The latest annual statistics on alcohol for England 2012 have been released by the ONS, confirming a continuing rise in alcohol-related and primary alcohol attributable hospital conditions. Alcohol-related admissions rose 11% on the previous year with primary diagnosis conditions up 2.1%.
This comes despite falls since 2004 in the proportion of adults reporting drinking alcohol. Continuing admissions - many being long term conditions - are thought to be linked to decades of rising consumption prior to 2004. Additionally indications that amongst some groups, those who are drinking are drinking more.
Some key facts from the report include:
- A 2.1% increase in primary diagnosis alcohol conditions (198,900 for 2010/11) since the previous year and a 40% increase since 2003 (142,000).
- A 11% increase on alcohol-related admissions (based on attributable fractions) totalling 1,168,300 for 2010/11.This is more than twice as many as in 2002/03 (510,700).
- A long-term downward trend in the proportion of adults who reported drinking in the week prior to interview. In 1998 75% of men and 59% of women drank in the week prior to interview compared to 68%men and 54% of women in 2010.
- 13% of secondary school pupils aged 11 to 15 reported drinking alcohol in the week prior to interview in 2010 compared with 18 per cent of pupils in 2009 and 26 per cent in 2001.
- In 2011, there were 167,764 prescription items for drugs for the treatment of alcohol dependency. This is an increase of 4.7 per cent on the 2010 figure (160,181) and an increase of 63% on the 2003 figure (102,741).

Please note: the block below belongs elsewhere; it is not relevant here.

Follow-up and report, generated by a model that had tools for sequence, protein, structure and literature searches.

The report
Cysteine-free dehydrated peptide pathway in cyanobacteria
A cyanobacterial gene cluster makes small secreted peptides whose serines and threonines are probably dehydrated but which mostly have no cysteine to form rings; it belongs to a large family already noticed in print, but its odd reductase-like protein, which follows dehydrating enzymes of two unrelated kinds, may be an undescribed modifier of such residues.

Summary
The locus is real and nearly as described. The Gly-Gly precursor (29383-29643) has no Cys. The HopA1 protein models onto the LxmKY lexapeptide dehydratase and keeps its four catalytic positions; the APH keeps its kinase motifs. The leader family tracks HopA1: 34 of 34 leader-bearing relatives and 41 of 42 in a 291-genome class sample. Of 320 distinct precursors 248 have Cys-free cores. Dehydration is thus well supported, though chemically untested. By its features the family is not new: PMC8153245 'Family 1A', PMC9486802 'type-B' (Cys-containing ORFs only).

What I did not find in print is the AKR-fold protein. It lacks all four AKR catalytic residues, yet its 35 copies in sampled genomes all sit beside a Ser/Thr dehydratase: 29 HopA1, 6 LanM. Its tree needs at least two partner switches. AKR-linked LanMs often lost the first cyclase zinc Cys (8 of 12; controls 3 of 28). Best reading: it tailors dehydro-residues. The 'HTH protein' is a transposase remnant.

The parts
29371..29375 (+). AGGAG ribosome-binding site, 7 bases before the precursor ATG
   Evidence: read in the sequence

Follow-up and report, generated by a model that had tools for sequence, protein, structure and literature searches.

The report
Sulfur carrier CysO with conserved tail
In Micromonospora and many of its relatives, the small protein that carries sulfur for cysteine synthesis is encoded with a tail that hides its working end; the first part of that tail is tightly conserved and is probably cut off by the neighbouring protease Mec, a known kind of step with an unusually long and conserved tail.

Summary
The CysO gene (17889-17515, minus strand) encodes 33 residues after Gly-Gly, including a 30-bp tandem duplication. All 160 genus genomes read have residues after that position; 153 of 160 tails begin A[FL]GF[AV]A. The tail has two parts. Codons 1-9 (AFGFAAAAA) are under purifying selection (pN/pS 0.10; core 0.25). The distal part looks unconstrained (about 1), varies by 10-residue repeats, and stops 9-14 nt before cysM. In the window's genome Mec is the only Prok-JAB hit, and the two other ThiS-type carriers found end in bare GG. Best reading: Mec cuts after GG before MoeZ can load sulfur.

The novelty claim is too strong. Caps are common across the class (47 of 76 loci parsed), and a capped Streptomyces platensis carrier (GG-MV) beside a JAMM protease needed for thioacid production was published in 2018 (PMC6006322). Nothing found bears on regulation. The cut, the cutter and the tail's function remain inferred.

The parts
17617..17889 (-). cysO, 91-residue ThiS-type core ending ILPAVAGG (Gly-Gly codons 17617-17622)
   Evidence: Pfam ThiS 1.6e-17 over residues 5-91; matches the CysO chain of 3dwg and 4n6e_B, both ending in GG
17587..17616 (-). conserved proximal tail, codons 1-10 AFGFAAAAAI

- The cost of these prescription items was £2.49 million in 2011. This is an increase of 45% on the 2003 figure (£1.72 million).
Alcohol Concern's Emily Robinson commented in a Daily Mail report:
"As a country we face a huge NHS bill because of health problems caused by alcohol. That means we need the Government to take action across a whole range of policy areas such as advertising, pricing, availability and investing in treatment to help bring down the number going to hospital because of alcohol."
Drinkaware's Chris Sorek commented in a Morning Advertiser Report:
“It is encouraging to see a fall in average weekly alcohol consumption among young adults. Yet despite an overall decline in recent years, over one in five young men (22%) and one in five young women (17%) are still binge drinking. The figures confirm the worrying trend of Britain’s hidden binge drinkers (25-44 year olds) who drink more heavily and more regularly than young adults."